Tuesday, April 29, 2008

The fine print on Stock Options

Stock options are a wonderful thing, but they come with a lot of rules requiring careful management. Here are some of the general rules to keep in mind if you have stock options:

An Option may not be exercised until it has vested. Vesting is all about the rights of ownership. You have no right to the option until it is vested, even though it can still be working for you, appreciating in price, in the market. Typically, stock options will come with a vesting schedule, such as the one below. In this case, one third of the shares will be vested at the first vesting date, then another third at the second date and so on.

First Vesting Date: January 29, 2005 - One-Third
Second Vesting Date: January 29, 2006 - One-Third
Third Vesting Date: January 29, 2007 - One-Third

Some of the caveats for vesting:
* If you die or become disabled, all unvested Options will immediately vest.

* If you resign or otherwise terminate employment, whether voluntarily or not, unvested Options will be forfeited upon your termination. While Vested Options will expire at the end of their remaining term or 30 calendar days following your resignation or termination, whichever is shorter.

If you have early retirement plans, be sure to keep this last warning in mind. You have 30 days after termination to exercise your vested options or lose them!

Once an option is vested, you have the right to exercise it. Exercising a stock option means buying the stock at the price set by the option (grant price), regardless of the stock's price at the time you exercise the option. You must pay the stock option cost (grant price) to your employer and in turn you receive the shares in your brokerage account.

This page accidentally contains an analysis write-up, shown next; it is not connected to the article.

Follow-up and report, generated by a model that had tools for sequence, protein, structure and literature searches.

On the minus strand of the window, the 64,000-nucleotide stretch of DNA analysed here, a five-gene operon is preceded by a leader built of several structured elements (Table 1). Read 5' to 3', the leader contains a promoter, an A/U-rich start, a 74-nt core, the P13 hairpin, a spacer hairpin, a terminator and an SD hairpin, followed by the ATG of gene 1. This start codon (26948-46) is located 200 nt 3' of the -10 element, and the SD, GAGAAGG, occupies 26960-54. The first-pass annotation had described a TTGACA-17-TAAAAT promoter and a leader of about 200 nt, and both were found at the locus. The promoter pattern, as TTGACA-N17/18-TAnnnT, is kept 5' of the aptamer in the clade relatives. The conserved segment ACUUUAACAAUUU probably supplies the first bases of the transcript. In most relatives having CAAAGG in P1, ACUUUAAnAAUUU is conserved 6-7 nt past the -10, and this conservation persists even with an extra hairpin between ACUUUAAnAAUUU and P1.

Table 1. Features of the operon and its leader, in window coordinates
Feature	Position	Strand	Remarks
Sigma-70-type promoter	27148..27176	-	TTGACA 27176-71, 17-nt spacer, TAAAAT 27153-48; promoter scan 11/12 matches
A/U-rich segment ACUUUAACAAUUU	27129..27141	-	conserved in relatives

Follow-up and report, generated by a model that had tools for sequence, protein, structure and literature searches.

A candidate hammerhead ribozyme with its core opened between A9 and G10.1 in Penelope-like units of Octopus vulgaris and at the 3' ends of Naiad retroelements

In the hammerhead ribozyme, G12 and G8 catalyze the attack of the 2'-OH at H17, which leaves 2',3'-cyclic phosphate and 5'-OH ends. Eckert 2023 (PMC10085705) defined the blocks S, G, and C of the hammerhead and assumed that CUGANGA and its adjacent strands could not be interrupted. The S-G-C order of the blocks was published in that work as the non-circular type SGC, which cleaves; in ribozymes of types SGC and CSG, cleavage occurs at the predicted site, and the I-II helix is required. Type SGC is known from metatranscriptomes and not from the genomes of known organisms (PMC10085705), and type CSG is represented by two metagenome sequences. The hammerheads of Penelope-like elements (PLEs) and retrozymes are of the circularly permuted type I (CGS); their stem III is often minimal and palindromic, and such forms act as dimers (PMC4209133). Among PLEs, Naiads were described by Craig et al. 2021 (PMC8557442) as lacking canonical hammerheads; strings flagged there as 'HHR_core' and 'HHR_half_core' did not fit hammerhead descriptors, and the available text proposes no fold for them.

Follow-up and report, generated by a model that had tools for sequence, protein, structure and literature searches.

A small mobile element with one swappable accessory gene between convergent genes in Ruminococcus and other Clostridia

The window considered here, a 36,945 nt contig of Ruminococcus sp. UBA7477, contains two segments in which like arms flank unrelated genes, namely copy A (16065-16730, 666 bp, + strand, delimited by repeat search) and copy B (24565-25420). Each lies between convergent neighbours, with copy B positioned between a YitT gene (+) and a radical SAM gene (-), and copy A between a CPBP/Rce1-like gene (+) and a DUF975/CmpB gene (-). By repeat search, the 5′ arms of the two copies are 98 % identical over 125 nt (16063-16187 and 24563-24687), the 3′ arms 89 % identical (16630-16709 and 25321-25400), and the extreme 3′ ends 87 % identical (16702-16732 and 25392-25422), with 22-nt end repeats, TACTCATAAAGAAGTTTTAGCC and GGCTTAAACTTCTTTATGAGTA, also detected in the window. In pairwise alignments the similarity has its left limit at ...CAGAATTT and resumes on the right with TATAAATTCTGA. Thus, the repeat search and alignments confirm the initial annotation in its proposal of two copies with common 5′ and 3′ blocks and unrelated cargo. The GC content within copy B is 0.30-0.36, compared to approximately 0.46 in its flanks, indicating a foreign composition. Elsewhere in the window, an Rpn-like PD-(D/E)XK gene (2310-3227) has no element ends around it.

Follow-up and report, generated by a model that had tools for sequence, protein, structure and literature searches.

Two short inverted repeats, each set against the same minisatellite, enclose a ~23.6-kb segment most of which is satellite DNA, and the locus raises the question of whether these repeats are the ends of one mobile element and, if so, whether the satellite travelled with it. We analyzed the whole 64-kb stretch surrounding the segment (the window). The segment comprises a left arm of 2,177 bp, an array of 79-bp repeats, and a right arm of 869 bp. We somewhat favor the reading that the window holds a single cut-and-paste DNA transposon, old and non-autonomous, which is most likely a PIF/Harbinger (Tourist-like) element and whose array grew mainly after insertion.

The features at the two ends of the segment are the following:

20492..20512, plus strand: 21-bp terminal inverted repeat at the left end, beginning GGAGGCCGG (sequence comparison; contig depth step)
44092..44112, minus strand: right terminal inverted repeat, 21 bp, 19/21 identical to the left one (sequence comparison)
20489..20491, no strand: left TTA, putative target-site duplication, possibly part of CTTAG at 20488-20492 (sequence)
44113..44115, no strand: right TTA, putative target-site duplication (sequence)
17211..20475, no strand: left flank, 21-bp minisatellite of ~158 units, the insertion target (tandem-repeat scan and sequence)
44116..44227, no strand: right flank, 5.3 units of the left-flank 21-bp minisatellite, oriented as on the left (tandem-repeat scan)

More caveats:
* Options must be exercised within ten years of the grant date.

* Once the option has been exercised, you can sell the stock or hold it as long as you like.

When you sell shares which were received through a stock option transaction you must pay ordinary income tax on the difference between the grant price and the exercise price. In addition, if you hold the shares and they appreciate, you must pay capital gains tax on the difference between the exercise price and the final sales price.

It is possible to reduce this tax bill by holding the stock options at least one year. For instance, if you had waited to sell the stock for more than one year after the stock options were exercised and two years after the grant date, you would pay capital gains, rather than ordinary income, on the difference between grant price and the sale price.

1 comment:

  1. Nice post!
    There's also a big caveat about holding onto the stock once your options are exercised- you are responsible for any price difference gains between the grant price and exercise price regardless of what the stock does in the future, even if it should tank below your grant price.
    It's not such a big deal when the market is firmly in bull territory, but when the market is on the weak side, it's something to take into consideration. There were stories of many folks upside down with their exercised stock options during the dot com crash.